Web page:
According to the Minneapolis Fed tracker that backs out probabilities from options prices, traders reckon that the probability that inflation comes at higher than 3 percent of the next five years is now higher than 60 percent. So, it is getting expensive to buy protection against high inflation. Meanwhile, the price of buying protection against lowflation has collapsed.
The Michigan Survey of Consumer Expectations has also climbed to its highest level in two decades, modulo a brief panic during the financial crisis.
Breakeven rates over a 5 year horizon have also climbed to a 20 year high. Although it must be noted that the breakevens are confounded by term risk premia — the collapse in the price of risk across the board also compresses these spreads. The ACM decomposition of yields by scholars at the NY Fed shows this explicitly. The yield on Treasuries maturing a year from now is 22bp (basis point = 1/100 percent). But the 1-year term premium is -32bp, meaning that markets are actually pricing in 54bp a year from now — that is, two rate hikes, not one.
Similarly for the 2 year note. The 2 year yield is 61bp but, because of the compression of the term premium, the expected rate two years from now is 90bp, or nearly four rate hikes.
Putting the above together, we are forced to conclude that the markets expect the Fed to hike faster than they say they will. But that they will not hike very much more: markets expect 2-3 quarter point hikes within a year, but only 3-4 within two years. Although one should be careful of attributing intelligence to the “wisdom” of crowds, markets seem to think that the economy will cool off enough that the Fed’s policy rate won’t get much above 1 percent per annum even two years from today.
From the Fed’s point of view, more important than the markets are the inflation expectations of price setters in the economy. These are captured only very noisily by consumer surveys. We can instead get a handle on them by looking at the behavior of the slowest-moving price setters. These are product or service markets where the prices are changed very infrequently, implying that when firms in these markets do change their prices they must do so paying very careful attention to what inflation will do over the near term. Put another way, there is good reason to believe that, say, the lowest volatility quintile of CPI price series contains a very strong signal of the inflation expectations of these price setters out in the brick and mortar economy.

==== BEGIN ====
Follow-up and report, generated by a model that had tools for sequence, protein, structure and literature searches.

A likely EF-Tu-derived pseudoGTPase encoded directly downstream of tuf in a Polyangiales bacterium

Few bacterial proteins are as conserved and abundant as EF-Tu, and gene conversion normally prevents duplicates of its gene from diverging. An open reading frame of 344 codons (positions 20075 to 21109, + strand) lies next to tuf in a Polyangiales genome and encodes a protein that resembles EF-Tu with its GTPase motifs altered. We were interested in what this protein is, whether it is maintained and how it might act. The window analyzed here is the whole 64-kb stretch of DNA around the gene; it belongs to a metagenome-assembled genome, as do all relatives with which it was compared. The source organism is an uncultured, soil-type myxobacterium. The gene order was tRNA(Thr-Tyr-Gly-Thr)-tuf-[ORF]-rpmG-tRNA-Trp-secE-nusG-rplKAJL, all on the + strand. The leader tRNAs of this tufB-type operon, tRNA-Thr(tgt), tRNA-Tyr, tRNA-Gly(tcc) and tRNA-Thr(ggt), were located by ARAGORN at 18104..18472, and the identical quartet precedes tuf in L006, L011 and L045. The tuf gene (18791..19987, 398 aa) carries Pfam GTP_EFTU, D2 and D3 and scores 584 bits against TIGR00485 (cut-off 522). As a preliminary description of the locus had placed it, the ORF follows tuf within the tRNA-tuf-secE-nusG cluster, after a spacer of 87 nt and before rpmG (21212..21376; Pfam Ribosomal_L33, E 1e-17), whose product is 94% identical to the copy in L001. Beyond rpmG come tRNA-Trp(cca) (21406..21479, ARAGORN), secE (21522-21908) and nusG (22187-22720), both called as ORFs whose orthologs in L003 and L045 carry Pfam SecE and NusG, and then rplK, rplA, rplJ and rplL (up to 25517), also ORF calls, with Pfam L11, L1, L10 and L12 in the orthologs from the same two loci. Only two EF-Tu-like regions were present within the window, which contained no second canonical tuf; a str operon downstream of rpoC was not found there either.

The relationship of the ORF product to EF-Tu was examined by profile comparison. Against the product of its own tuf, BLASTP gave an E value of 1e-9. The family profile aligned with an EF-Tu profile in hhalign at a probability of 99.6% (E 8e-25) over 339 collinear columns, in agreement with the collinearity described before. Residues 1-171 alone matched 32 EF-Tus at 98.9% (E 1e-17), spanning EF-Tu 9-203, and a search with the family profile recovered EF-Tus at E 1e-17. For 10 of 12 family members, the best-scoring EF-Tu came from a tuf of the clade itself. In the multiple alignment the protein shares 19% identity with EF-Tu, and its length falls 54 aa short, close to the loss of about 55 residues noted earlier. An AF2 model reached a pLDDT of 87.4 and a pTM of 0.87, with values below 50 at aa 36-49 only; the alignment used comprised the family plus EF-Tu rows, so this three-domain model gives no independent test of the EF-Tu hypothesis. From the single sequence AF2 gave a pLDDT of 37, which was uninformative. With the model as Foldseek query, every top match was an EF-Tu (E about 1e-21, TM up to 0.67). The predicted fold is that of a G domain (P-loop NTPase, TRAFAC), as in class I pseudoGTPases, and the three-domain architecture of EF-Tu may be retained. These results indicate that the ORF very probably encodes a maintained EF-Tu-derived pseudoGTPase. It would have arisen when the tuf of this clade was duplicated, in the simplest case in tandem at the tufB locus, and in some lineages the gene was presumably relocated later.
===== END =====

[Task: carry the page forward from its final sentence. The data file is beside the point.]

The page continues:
Looking at the lowest volatility quintile of the 174 price series reported by the BEA, we find that it has climbed to its highest level since the onset of secular stagnation. Not only is it at its highest level in over a decade, it is approaching pre-GFC cyclical highs.
When we last looked at this indicator in mid-July, it was around 2.6 percent per annum — already higher than the past decade. By now, as of the end of November, it has climbed to 3.3 percent. This is well above the Fed’s target rate of 2 percent, the level at which they really want expectations to be anchored.
So, because inflation expectations are really threatening to get de-anchored, the Fed will soon be forced into a course correction. The markets may, in fact, turn out to be too complacent. That is, the Fed may have to hike faster and more than current market prices suggest. This is what we should expect if we are, as we have argued before, at the turning point of the secular cycle. If there is indeed a regime change underway, then we can say bye bye to ‘the New Normal’ of low rates. This does not mean that we’re entering a new era of stagflation — that’s pretty much ruled out by the response function of the hard currency-issuing central banks, who will, in fact, never let expectations get de-anchored ever again after the debacle of the 1970s. What it means instead, is that we’re going to get back to a ‘normal’ monetary cycle, with moderately high inflation and interest rates. Or at least that’s the wager of this analyst.